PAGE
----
He believes that the U.S. can't be the world's policeman and shouldn't unilaterally confront China because it's "behaving inappropriately." Instead, he thinks that the U.S. should rely on diplomacy and work in concert with traditional coalitions to "move towards a more stable relationship."
In a week that has been dominated by foreign policy concerns, after a U.S. airstrike in Iraq killed Iranian military commander Qassem Suleimani, Steyer said his experience traveling the world has prepared him to deal with international issues if he's the next commander-in-chief.
Foreign policy, Steyer said, is a question of temperament and how one behaves under duress. He argued that he has a "clear sense" what America's role in the world should be and attacked President Trump's "America-first" agenda as "pretty much textbook 'what not to do.'"
In Spirit Lake on Friday, Steyer told a crowd of roughly 30 caucus goers that Mr. Trump's decision to take down a top Iranian military leader has made Americans "less safe."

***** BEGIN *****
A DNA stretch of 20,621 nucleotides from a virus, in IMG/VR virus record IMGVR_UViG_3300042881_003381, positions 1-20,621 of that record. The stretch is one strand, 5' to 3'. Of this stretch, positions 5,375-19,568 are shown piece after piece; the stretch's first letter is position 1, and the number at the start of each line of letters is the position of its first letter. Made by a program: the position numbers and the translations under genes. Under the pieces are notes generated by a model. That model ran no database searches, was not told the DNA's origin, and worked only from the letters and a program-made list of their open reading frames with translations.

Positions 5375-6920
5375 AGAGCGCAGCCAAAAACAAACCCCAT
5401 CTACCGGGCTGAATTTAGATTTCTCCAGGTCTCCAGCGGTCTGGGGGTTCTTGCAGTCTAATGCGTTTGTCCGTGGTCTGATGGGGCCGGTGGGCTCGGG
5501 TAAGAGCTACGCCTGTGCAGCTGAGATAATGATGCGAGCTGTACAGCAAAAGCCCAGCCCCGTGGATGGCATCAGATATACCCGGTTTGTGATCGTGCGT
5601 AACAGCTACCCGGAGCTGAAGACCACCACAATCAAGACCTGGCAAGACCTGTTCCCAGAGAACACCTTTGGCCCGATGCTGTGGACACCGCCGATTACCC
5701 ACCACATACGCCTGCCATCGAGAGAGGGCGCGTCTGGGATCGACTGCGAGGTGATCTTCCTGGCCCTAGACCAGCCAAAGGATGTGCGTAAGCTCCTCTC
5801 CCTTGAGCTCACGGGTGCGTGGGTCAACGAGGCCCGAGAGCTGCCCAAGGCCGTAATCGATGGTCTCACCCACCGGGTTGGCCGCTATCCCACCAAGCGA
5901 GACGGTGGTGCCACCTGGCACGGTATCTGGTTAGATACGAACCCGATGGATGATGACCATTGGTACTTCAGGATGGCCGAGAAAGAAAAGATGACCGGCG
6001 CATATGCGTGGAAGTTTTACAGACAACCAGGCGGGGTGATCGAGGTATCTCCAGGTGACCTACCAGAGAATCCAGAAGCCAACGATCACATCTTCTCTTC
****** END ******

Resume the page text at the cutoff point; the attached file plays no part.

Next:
He said Mr. Trump's strategy of confrontation and escalation has put America "in a position of much less safety" and criticized the administration's decision to withdraw from the Iran Nuclear agreement as having led to the current situation.
Steyer is currently ramping up his operation in Iowa and claims there's momentum behind his campaign. The size of his team has increased in Iowa, with 70 staffers on the ground and 15 field offices across the state. He has not yet qualified for the, which will be co-hosted by the Des Moines Register and CNN in Des Moines in mid-January.